Modafinil differs considerably from the conventional psychostimulants (d-amphetamine, methylphenidate) with respect to neurochemlical activity. Specifically, within the. dose ranges which modify consciousness, modafinil, unlike d-amphetamine and methylphenidate, has no effect on dopamine, which is the principal target of the conventional psychostimulants. Modafinil also differs from amphetamine in terms of behavioural activity. In addictive substance discrimination tests, the generalization of the effects of modafinil with amphetamine is very weak; modafinil leads neither to self-administration nor to preference of place, which are two behaviours rapidly developed in the case of conventional psychostimulants. In addition, modafinil does not modify the self-administration of cocaine and does not influence the relapse of this behaviour. Finally, while modafinil can activate the expression of the c-fos proto-oncogene in cerebral tissue, it does so in zones which are entirely different from those with which the conventional psychostimulants are concerned. Thus, in a publication by J S. Lin et al. (PNAS, 1996), the c-fos proto-oncogene is not expressed in the central dopaminergic projection zones (including the cortex) after administration of awakening doses of modafinil in cats, whereas it is highly expressed in these regions after administration of equally-awakening doses (with respect to those of modafinil) of d-amphetamine and of methylphenidate.
With these trains of thought and these experimental data in mind, the inventors have discovered, unexpectedly, that modafinil administered to patients suffering from myotonic dystrophy makes it possible to restore a level of diurnal vigilance which is compatible with a satisfactory psychosocial life and relationships. These positive results appear to be all the more unexpected given the fact that patients suffering from Steinert's disease have normal function or respiratory examinations and normal polysomnography assessments, which are situations which are a good argument for an original effect of modafinil which is independent of what has already been discovered and what has been the subject of patents for already adapted therapeutic use.
The inventors have discovered more generally that modafinil and the isomers thereof make it possible to correct the vigilance disorders which are observed during the evolution of myopathies.
A subject of the present invention is thus a method for correcting vigilance disorders observed during the evolution of myopathies in a patient, which comprises the administration to this patient of an effective dose of modafinil or of one of the isomers thereof.
A subject of the present invention is more particularly a method for correcting vigilance disorders associated with myotonic dystrophy, or Steinert's disease, which comprises the administration to this patient of an effective dose of modafinil or of one of the isomers thereof.
In patients suffering from myopathies, and in particular from myotonic dystrophy, modafinil and the isomers thereof can be used to specifically combat diurnal hypersomnolence, in order to restore a sleep pattern which is comparable to that of normal sleep and to improve the quality of psychosocial life and relationships.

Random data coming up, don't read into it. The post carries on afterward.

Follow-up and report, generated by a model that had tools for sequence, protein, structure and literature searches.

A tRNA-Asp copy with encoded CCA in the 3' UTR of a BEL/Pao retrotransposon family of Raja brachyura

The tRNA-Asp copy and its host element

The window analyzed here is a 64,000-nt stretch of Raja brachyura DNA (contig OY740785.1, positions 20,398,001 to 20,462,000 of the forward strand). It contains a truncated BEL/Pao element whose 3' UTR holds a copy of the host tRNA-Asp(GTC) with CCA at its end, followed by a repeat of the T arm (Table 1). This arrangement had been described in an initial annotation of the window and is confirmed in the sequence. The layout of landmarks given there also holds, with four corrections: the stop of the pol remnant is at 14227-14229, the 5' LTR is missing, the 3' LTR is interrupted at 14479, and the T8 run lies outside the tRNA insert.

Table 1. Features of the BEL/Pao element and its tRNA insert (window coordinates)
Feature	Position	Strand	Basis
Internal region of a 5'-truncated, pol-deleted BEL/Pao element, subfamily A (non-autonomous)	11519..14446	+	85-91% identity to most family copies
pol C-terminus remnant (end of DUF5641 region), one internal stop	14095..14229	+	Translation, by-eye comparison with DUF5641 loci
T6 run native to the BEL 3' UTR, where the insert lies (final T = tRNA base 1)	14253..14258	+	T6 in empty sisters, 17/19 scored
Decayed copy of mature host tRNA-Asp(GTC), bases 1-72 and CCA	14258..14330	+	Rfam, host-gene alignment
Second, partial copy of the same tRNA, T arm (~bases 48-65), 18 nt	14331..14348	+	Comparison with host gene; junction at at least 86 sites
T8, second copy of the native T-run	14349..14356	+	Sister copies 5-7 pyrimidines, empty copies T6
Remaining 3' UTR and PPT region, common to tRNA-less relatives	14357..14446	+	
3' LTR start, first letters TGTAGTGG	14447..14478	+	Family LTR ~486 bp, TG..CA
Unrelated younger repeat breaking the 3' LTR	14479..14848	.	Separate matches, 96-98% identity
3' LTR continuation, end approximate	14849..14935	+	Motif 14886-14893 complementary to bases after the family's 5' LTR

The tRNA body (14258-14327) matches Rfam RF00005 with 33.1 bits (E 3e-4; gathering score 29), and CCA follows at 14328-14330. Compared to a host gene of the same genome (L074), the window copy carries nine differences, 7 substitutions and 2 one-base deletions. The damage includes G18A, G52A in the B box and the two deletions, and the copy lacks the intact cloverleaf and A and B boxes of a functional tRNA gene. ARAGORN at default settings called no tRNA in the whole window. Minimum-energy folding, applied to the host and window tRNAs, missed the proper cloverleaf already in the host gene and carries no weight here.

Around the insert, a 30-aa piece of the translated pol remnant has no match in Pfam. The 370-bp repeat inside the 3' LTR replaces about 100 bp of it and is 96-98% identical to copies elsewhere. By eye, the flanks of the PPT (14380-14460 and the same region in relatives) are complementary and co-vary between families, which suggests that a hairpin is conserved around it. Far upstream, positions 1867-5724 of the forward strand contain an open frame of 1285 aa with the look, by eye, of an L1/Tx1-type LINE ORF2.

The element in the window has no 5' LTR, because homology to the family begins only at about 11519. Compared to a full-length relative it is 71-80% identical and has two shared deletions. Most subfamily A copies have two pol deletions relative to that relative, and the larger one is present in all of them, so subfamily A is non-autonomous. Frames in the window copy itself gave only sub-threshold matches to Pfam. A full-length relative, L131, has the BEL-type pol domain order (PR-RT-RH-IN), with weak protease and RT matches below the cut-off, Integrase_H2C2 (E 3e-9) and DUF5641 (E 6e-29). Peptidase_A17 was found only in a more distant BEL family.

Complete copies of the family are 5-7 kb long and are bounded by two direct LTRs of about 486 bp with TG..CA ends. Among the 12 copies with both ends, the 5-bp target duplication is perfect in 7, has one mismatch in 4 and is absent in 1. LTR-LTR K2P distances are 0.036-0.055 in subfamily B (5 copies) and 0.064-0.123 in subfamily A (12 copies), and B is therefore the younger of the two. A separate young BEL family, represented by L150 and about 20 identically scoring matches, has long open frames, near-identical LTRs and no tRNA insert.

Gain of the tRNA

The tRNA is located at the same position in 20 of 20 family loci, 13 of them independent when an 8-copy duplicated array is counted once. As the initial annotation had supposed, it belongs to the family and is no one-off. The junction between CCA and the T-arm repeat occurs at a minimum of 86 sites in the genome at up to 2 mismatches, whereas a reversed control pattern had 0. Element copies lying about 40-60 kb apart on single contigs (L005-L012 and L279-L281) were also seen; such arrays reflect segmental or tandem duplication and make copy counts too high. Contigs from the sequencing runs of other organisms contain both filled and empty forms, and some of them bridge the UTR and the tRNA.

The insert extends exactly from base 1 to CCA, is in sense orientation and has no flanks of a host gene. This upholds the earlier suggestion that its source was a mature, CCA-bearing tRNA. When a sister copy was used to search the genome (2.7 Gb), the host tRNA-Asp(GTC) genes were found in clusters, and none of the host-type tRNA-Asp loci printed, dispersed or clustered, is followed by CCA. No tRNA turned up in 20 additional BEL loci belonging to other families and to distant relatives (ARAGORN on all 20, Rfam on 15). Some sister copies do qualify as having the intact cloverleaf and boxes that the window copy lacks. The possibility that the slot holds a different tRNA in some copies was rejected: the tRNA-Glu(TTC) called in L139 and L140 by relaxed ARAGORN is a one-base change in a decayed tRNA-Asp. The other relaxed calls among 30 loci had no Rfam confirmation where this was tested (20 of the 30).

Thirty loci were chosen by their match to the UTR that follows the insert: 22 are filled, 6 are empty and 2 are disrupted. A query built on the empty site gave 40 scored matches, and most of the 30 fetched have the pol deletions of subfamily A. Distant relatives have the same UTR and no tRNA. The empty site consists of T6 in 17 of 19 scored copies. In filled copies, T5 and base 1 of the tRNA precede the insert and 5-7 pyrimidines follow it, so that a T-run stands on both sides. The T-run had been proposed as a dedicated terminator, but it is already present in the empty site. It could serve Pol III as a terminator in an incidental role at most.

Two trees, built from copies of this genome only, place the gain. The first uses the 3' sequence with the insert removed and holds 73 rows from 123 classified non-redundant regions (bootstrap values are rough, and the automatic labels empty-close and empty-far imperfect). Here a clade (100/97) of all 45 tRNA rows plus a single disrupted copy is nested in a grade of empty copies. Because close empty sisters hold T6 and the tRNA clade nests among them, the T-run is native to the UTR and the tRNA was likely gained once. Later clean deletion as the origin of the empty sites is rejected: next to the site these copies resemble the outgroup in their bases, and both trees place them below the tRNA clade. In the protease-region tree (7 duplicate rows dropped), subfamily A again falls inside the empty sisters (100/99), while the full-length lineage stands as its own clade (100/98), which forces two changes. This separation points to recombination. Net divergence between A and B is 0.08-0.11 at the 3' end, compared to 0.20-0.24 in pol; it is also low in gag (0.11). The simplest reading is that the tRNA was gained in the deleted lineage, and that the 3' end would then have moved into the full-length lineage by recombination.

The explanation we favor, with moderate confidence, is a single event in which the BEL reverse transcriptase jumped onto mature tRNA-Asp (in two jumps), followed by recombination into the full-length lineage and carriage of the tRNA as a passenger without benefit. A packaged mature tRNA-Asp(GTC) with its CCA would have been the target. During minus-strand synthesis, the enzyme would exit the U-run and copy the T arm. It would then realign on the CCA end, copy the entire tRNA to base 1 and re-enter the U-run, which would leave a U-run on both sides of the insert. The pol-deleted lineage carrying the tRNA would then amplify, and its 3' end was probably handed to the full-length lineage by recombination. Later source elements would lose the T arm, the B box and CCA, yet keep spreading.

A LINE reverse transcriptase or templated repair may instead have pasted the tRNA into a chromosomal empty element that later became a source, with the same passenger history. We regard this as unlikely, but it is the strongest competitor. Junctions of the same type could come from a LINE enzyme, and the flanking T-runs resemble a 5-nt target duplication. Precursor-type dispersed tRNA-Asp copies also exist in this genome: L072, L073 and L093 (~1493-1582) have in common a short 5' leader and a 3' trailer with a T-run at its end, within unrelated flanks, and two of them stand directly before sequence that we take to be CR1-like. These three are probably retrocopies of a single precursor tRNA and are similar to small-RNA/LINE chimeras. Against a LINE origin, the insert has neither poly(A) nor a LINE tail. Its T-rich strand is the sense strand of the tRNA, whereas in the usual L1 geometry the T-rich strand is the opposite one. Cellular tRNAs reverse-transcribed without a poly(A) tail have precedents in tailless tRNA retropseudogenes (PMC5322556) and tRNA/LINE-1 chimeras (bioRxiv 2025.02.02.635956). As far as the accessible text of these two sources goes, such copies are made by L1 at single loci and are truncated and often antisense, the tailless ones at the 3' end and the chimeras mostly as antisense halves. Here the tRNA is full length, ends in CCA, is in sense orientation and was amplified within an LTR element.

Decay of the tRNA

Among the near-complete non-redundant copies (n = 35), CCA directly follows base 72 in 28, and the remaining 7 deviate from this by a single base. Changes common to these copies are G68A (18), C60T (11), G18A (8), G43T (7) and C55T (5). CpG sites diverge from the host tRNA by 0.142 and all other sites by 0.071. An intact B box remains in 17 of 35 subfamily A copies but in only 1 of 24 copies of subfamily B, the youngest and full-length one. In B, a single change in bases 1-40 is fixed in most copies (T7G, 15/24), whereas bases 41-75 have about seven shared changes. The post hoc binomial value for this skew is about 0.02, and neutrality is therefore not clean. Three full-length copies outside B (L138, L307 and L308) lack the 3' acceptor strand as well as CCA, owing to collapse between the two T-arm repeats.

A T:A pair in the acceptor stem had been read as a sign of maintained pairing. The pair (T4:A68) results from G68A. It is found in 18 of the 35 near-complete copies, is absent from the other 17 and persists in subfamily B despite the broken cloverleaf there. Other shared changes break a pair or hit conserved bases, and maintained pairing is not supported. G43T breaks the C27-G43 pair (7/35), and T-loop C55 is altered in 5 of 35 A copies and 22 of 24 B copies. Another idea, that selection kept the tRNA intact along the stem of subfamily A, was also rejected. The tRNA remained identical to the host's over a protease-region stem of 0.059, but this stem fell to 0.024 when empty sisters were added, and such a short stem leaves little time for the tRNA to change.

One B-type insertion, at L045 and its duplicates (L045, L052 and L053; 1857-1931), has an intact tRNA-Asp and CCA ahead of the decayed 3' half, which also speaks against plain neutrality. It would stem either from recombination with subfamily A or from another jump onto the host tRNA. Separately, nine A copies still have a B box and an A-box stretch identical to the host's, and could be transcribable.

Modafinil and the isomers thereof can be administered in a form which is suitable for oral administration, and which contains modafinil or each of the isomers thereof in single doses of between 50 and 600 mg, preferably 100 to 400 mg.
The preferred pharmaceutical forms are pharmaceutical forms intended for repeated oral administration in the form of breakable or unbreakable tablets, gel capsules, wafer capsules or controlled-release microgranules.
Modafinil can, however, be administered via other routes, in particular transdermally, and can be provided in the form of ointments, salves, gels, solutions, lotions, liquid forms which form films on the skin for transdermal administration or forms of “patch” type.
Thus, in a series of patients suffering from myotonic dystrophy, in whom validated methods for studying disturbances of the waking/sleeping cycle had demonstrated diurnal hypersomnias of frequency and duration which were considered to be pathological (with respect to clinical and therapeutic experience of sleep apnoeas and narcolepsy), [patients] were treated with oral doses of modafinil of between 100 and 400 mg/day. In the majority of these patients, the modafinil treatment proved to be subjectively effective; the patients report a clear regression of the vigilance disorders and diurnal somnolence and an improvement of their psychosocial life.
By way of example, in a patient suffering from Steinert's disease, which is characterized, inter alia, by a temporal atrophy, ptosis, a myotony associated with muscle weakness, behavioural disorders and somnolence (the start of which went back to 1988) with sleep paralyses, without hypnogogic hallucinations or attacks of cataplexy, a decrease was observed of 18 units on the Epworth somnolence scale (see Johns M. W. Sleep, 1991, 14, 540) after treatment with an oral dose of 100 mg per day of modafinil for six months, between February 1999 (score on the Epworth scale=20) and August 1999 (score on the Epworth scale=2).
The benefit provided by modafinil was also demonstrated in two other patients suffering from Steinert's disease. The first, of female gender, exhibited the telling morphotype (atrophy of the temporal fossae), as well as a deficiency of the lower limbs, cervical weakness and diffuse myotony. Diurnal hypersomnia was severe, since she had a score of 16 on the Epworth scale before treatment. The effectiveness of modafinil (dose=200 mg/day) revealed itself by an improvement in the somnolence score on the Karolinska KSS scale (Akerstedt P., Gillberg M., Int. J. Neurosci. 1990; 52: 29-37) (before: 8/after: 2) and especially by a considerable improvement in her personal and professional daily life. In the second patient of this series, the telling morphotype and a myotony of both hands associated with muscular deficiency existed. Without treatment, diurnal hypersomnia was very pronounced (Epworth scale: 16). The administration of modafinil (dose=600 mg/day) induced a partial resolution of the diurnal somnolence attacks, since the somnolence score on the Karolinska scale went from 8 to 4.